The London housing crisis has been foregrounded for a while now, but it seems with the recent closure of businesses along Brixton’s arches and the rise of Pop Up Brixton, artisanal cocktail bars and the ever-invading food chains, many now fear that the regeneration within Brixton is all consuming and unstoppable.
In a verbatim piece, Where Will We Live?, Changing Face Collective has collected stories from local people whose existence will be challenged by the rampant change in housing, businesses and social make-up in Lambeth; these stories have subsequently been worked into a piece of theatre by playwright Elisabeth Winkler and director Lucy Curtis. The company has used the term ‘hyper-regeneration’ to describe the movement, suggestive of a frantic pace and irregular development, meaning that many residents will barely have time to process the change and put up a strong enough fight.
The verbatim piece is a woven tapestry of local voices that illustrate a desperate state of unease brought about by the sudden changes to their environment and lack of obvious pathways to go to seek advice. The performance makes a point of isolating Lambeth Council, labelling them as evasive and unable to give succinct answers to the people who come with questions in abundance. Where Will We Live? intentionally moves away from “dry facts or statistics”, to instead focus on the faces and stories of those who have made up Brixton’s culture.
As the audience walk in to the Little Space at Southwark Playhouse, they are accompanied by gentle drum beats that get progressively louder as the room starts to reach maximum occupation. Ayesha Casely-Hayford gyrates to the building rhythm, seemingly controlling the vibrancy with her hand gestures, she moves at one with the drumming of Brixton High Street.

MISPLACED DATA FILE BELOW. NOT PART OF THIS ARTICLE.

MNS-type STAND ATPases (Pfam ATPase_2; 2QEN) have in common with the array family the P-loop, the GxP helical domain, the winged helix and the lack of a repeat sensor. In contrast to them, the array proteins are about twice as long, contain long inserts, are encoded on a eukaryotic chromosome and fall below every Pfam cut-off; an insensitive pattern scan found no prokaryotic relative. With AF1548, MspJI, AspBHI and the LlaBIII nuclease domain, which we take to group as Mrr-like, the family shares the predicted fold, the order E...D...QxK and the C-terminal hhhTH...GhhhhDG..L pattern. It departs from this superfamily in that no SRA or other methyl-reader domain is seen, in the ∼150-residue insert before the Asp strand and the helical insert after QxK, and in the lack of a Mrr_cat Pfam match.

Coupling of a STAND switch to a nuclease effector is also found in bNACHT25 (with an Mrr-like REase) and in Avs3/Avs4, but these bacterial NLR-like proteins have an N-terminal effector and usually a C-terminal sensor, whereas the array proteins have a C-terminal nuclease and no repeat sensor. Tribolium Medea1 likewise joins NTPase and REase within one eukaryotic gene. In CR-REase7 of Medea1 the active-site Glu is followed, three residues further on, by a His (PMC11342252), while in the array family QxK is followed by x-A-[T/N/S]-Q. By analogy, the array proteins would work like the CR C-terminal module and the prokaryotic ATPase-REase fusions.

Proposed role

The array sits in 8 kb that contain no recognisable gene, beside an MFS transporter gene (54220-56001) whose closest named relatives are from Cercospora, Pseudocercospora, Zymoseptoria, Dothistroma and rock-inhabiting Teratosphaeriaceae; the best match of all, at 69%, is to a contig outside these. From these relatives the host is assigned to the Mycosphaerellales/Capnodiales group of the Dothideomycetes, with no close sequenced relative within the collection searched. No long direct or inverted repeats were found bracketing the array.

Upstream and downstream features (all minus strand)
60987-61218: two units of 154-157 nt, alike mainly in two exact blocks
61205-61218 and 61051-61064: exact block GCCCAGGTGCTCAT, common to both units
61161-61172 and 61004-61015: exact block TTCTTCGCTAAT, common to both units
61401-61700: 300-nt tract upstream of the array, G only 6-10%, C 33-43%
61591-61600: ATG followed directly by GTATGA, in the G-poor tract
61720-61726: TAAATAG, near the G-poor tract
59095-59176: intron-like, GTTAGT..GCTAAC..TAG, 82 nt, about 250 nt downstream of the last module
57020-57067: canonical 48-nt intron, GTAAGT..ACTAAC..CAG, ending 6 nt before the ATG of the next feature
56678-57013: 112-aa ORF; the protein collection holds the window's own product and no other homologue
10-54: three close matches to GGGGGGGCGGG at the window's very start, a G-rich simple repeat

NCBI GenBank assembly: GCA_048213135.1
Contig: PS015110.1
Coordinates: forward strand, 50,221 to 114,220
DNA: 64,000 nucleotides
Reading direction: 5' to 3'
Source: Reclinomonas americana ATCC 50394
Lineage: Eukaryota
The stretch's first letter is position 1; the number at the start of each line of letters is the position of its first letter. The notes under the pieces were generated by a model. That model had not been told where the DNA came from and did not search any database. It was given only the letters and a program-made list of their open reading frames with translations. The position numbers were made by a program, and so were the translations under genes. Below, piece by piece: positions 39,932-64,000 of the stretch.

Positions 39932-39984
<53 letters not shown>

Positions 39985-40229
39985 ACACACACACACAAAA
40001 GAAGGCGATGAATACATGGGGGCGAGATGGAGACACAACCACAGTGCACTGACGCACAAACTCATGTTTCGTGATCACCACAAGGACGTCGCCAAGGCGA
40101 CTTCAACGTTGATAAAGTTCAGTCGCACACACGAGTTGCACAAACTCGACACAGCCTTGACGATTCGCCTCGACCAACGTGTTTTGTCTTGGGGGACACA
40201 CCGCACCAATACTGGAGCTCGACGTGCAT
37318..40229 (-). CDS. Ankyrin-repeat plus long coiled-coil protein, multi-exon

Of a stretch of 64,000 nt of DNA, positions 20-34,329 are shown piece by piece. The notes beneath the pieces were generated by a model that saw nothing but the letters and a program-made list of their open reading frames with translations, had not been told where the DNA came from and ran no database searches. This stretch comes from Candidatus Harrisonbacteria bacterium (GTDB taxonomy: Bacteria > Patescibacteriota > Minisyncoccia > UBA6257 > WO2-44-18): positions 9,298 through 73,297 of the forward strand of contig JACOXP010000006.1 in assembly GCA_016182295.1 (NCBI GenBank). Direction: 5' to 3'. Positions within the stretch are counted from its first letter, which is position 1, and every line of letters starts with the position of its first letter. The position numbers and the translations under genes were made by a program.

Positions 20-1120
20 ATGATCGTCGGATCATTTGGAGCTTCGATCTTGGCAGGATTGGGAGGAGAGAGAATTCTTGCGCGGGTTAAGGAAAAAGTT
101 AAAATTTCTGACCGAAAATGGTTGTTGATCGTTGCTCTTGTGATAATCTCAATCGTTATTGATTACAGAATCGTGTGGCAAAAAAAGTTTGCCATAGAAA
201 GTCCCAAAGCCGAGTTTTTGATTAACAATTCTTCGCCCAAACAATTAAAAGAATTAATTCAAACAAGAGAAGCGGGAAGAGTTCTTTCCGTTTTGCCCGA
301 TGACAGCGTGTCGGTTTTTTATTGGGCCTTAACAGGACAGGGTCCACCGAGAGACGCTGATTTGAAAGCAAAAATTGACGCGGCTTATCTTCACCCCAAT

For many visitors to Brixton, it is the sound that hits the hardest, with never end music stretching from the Ritzy down to Atlantic road; there isn’t a part of Brixton that doesn’t vibrate with music of instruments, arguments, preaching or pedestrian commentary. Noise seems to wholly belong in Brixton, and it is something that can resonate with anyone who goes there, making it the ideal starting point to start a discussion about what Brixton is and what is should become.
Over the course of the production, we hear from a multitude of South East Londoners, worried about the plight of their home turf, wondering what will happen to their homes and their families. The cast are joyful to watch and really bring to life each person’s story with ease and warmth.
Where Will We Live? is a familiar piece, both the identities and the stories resonate with us because we know people like them. It is not a unique conversation happening on the stage but it’s a mouthpiece for the conversations happening all over London at this moment in housing history, with very honest and urgent questions that desperately need answering. Changing Face Collective doesn’t really pose any solutions, nor does it offer a particularly sophisticated perspective on the housing crisis, but it does pay credit to the people that regeneration may smoother if no action is to be taken.
Where Will We Live is playing at Southwark Playhouse until 28 November. For tickets and further information, see the Southwark Playhouse website.